Sobering, but perhaps not surprising given the central role Britain played in the slave trade until its abolition, see our infographic. Britain transported more than three million African people across the Atlantic. Cities like Liverpool, Bristol and London were key trading ports, where there are still buildings named after affluent traders whose wealth was built on the backs of slaves. According to the Guardian: “By the Victorian era, as many as one in six of the wealthiest Britons derived at least some of their fortunes from slavery.”
The fact that there continues to be a forced labour market in in the UK in2016 is grossly unacceptable. Just last month it was widely reported that car washes are hives of modern-day slavery – raids across the country confirmed both human trafficking and servitude. "We are encountering modern day slavery like this in our day-to-day life and it is in plain sight," the UK independent Anti-Slavery Commissioner Kevin Hyland said. How have we allowed slavery to happen right in front of us? Is it that we are truly oblivious of cases such as this happening so close to home or is it that we don’t want the trouble that would be caused by stepping in and taking action?
Over the past few years, we’ve learned that the son of one of Britain’s top anti-slavery experts was ‘subjected to a six-week campaign of 'unpleasant and casual' violence’, an ‘adopted son’ was kept as a slave for 24 years after being smuggled into the UK and just last week four brothers in Manchester were found to be running 'an illegal sweatshop, forcing workers to do 80 hour weeks’.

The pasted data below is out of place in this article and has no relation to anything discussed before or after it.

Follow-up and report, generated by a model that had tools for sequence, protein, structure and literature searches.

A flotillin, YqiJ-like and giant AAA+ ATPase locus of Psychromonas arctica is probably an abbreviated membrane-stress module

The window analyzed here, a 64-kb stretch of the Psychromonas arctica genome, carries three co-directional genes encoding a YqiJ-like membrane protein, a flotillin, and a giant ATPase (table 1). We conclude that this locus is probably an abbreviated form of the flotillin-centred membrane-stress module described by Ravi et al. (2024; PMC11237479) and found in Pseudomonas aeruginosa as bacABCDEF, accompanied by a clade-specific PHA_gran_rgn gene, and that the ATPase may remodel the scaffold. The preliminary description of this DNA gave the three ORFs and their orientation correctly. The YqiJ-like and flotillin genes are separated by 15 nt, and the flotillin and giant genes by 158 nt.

Less inconceivable now perhaps that there are similarities between the appalling working conditions of the 19th century and those in contemporary society. They are simply better hidden.
The Channel 4 series Benefits Street has helped bring to light the reality for many UK migrant workers to large TV audiences. One episode told of a group of Romanians who were cheated into working for £10 per day by a gang-master who enticed them with the promise of £40 a day. They felt threatened and intimidated after complaining to the police.